This article originally appeared on Noisey UK.
Have you ever loved something so much you completely lose the ability to regulate your emotions and instead end up just, like, screaming uncontrollably in public? This happens to me very rarely and when it does it usually has something to do with food I am about to eat or words that have come out of Charlotte's mouth during the first three seasons of Geordie Shore. I thought I was living my best life, getting excited at such basic and commonplace pleasures. Then I decided to revisit the video for "California" by Phantom Planet and realised very quickly that it might be possible I have never experienced true joy at all.
Best known for providing the soundtrack to the GOAT teen drama The OC—which, in this Year of Our Lord 2017, is celebrating the tenth anniversary of its final episode—and least known for having Wes Anderson's favorite sad boy Jason Schwartzman as their drummer for NINE YEARS, Phantom Planet are lowkey one of the most successful bands to come out of that era of wholesome American indie when everyone wore ill-fitting jeans, Converse All Stars, and two polo shirts. For some reason Jason Schwartzman's near decade long career as Phantom Planet's drummer is not a widely celebrated fact.
There is no special sticker on the box set of The OC stating "Jason wuz here." There is no Jason Schwartzman Was In Phantom Planet For Fucking Ages Day. We just don't really talk about it, which is both a curse in that such a perfectly weird factoid should be an integral and celebrated part of the zeitgeist, and a gift in that every six months or so you get to stop and remember: holy shit, Jason Schwartzman was in Phantom Planet. I have personally broken the news to at least a dozen people and, upon watching the video for "California", each of them burst out with a variation on "wtf," "how did I not…" and, most succinctly, "OMFG."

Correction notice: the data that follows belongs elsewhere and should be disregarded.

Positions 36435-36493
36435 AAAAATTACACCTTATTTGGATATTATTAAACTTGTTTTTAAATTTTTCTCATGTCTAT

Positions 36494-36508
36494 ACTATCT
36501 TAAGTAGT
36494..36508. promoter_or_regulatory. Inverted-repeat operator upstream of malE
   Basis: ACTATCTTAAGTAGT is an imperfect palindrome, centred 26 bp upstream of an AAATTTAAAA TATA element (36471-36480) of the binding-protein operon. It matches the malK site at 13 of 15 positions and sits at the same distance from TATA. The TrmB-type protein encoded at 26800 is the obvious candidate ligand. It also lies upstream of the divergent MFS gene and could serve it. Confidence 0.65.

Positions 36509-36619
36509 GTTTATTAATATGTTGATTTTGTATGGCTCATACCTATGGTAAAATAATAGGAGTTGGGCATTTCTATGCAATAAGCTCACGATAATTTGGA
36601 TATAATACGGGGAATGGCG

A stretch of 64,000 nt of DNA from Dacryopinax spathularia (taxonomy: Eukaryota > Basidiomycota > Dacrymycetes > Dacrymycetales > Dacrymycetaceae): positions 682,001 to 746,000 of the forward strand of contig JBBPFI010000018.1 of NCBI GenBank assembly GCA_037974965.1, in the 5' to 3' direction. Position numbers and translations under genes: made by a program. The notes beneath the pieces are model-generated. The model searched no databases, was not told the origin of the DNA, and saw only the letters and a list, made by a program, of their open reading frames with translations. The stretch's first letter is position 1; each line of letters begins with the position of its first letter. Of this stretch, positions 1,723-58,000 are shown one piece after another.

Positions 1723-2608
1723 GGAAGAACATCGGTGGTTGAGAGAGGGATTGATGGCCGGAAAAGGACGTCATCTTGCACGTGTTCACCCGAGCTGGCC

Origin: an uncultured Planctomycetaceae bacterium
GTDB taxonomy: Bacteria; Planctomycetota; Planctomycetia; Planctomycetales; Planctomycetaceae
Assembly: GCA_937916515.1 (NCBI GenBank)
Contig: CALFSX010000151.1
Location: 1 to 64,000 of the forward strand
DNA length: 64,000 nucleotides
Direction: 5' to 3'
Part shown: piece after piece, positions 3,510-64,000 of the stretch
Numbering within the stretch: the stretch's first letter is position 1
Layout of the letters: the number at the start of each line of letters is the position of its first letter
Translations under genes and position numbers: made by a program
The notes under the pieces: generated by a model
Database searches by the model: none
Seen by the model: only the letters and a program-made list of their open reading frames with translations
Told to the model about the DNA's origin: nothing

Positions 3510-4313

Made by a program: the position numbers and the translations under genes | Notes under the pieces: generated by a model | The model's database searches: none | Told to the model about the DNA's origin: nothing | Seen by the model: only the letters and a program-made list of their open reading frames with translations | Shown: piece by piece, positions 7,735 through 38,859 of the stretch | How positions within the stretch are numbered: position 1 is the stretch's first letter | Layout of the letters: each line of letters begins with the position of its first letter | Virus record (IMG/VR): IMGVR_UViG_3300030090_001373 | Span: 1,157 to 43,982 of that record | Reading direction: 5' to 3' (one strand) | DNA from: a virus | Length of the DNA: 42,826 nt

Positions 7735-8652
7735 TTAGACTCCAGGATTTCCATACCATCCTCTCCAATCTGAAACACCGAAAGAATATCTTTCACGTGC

The thing is, Jason Schwartzman's performance in the video for "California" is his finest performance of all time. Fuck Rushmore, forget The Darjeeling Limited, step aside please Bored To Death—"California" is his peak, his Mona Lisa, his Ted Cruz tweet about the cow made of butter. What's more, he's not even acting. When all's said and done the fact remains: nobody has ever loved anything as much as Jason Schwartzman loved being in Phantom Planet.
Every single frame he appears in is an individual masterpiece. To fully appreciate how and why, I have turned them all into gifs for your pleasure and together we are going to take a good hard look at how one man got the absolute most out of hitting some metal alloys and skins with sticks.
"Sorry is that..."
"That looks an awful lot like..."
"But it can't be..."
No, that definitely is Jason Schwartzman playing the rock drums live in a fully unbuttoned salmon pink shirt layered over a white T-shirt with a tie drawn on it. We're barely into the first verse and already he is losing his absolute mind, earnestly pointing his little stick at one of the guitarists as if to say, "Yes! Play that shit! I fucking love to perform the song 'California' live with my friends in the rock band Phantom Planet!" At which point let's stop and remind ourselves that this song is hinged on a keyboard line made up of four notes.
Four. Keyboard. Notes.